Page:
Many key protein functions require the protein to undergo a post-translational modification (PTM), examples ranging from phosphorylations and glycosylations to histone modifications and ubiquitinations. HuProt human proteome microarrays can be used for profiling the targets of enzymes producing PTMs and have been used in studies of phosphorylation, glycosylation, sumoylation, etc.
The arrays bring the advantage of monitoring modification on a proteome-wide scale in a single experiment. They enable screening the targets of purified enzymes or whole cell extracts, where changes in modification pattern may associate with disease. Kinase assays were first performed on yeast protein arrays (a fore-runner of the HuProt arrays) to define the yeast kinome (Ptacek J. et al. Nature 2005; 438:679-84). In practice, the enzyme performing the modification is incubated on the array and the interaction is monitored by detection of the modified proteins, often using a PTM-specific antibody.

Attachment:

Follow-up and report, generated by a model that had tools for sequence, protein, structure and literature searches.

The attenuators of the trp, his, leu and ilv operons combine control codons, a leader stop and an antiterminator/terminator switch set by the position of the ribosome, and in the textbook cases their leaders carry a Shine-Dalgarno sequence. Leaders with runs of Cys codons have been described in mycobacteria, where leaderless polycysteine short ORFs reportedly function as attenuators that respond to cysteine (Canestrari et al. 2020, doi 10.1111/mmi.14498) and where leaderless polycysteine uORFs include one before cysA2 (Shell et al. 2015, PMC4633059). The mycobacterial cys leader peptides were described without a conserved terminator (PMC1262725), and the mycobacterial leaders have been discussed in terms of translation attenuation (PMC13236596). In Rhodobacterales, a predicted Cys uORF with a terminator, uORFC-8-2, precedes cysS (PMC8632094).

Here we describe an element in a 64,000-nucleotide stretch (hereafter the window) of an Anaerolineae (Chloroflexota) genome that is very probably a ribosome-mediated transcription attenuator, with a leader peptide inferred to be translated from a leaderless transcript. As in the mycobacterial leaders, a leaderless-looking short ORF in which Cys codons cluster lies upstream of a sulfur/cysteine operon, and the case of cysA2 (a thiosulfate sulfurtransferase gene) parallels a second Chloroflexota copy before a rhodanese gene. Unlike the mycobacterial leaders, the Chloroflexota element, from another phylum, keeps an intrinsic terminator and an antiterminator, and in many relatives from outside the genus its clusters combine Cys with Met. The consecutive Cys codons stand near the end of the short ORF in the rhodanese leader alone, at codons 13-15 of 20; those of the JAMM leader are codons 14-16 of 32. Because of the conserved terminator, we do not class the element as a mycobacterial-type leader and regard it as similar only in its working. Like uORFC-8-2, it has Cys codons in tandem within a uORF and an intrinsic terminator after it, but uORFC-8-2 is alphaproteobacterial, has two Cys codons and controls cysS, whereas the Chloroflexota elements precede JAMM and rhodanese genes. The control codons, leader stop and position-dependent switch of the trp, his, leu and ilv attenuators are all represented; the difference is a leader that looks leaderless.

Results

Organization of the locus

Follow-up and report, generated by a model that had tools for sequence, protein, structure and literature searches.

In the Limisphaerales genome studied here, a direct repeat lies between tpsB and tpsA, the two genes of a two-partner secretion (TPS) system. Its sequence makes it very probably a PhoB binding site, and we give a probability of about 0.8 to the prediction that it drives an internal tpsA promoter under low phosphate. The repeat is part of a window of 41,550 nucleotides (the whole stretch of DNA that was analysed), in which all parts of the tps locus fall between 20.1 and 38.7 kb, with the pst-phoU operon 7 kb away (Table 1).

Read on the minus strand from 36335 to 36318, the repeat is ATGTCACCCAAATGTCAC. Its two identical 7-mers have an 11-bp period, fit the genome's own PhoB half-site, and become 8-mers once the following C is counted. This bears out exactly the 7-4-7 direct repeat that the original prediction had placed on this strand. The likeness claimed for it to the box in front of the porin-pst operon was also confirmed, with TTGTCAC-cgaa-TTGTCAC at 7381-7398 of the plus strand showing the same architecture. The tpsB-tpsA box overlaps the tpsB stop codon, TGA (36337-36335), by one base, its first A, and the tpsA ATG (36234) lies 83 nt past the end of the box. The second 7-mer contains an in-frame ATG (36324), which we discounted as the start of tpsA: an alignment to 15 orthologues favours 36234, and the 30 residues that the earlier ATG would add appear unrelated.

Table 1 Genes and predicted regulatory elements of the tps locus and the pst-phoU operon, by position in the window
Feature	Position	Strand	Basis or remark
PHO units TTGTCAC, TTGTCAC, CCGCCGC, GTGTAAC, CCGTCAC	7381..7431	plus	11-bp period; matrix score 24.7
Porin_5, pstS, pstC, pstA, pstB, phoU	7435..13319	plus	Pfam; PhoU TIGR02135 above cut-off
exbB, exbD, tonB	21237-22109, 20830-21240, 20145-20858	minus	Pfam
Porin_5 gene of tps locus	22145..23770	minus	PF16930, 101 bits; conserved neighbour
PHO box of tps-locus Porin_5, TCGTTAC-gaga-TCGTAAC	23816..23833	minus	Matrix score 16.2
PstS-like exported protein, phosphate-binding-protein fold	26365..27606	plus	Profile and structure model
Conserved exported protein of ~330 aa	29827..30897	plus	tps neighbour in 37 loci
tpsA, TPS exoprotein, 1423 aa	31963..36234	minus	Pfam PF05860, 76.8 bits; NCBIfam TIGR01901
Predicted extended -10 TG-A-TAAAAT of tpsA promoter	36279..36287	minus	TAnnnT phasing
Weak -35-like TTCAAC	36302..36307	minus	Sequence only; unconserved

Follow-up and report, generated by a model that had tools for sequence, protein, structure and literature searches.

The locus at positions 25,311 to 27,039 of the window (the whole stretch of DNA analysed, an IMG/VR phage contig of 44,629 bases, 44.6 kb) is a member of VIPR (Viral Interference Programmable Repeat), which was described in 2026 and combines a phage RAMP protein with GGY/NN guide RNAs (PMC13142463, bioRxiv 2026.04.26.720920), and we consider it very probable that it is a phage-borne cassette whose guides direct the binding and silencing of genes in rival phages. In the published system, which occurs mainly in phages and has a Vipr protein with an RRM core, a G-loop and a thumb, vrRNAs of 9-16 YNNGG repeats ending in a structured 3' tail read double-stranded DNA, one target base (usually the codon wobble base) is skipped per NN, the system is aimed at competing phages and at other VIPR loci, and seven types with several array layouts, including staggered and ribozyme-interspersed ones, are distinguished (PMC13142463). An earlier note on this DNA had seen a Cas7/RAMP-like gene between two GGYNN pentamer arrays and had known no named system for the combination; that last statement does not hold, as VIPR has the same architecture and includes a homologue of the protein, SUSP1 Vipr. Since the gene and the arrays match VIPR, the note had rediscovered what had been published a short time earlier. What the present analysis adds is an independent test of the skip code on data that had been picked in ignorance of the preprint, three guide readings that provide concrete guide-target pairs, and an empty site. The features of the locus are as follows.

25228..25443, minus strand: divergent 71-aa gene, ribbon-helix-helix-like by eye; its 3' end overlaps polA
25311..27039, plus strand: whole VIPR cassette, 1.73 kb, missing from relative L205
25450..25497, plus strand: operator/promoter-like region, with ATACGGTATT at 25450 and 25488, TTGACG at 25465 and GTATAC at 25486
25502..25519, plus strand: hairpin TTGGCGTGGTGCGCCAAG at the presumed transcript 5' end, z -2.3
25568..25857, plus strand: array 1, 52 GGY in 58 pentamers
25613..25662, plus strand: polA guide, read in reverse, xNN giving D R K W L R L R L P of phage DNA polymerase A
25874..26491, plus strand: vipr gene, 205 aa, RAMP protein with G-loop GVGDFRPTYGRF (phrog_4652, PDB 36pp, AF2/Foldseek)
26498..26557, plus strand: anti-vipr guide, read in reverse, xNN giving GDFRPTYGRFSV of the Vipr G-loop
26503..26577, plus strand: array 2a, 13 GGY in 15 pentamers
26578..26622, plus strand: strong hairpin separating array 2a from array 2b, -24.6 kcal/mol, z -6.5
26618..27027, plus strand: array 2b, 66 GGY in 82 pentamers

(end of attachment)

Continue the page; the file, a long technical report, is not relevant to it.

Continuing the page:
The on-array modification is indicated by the red triangles. For array readout by fluorescence, the result of enzyme activity needs to be converted to a fluorescent signal, e.g. the PTM introduced by the enzyme of interest can be detected by an anti-PTM antibody. Assay requirements are as diverse as the enzymes – please contact us to discuss the options and develop a strategy for your project.
See references here for specific examples of PTM detection on HuProt arrays.
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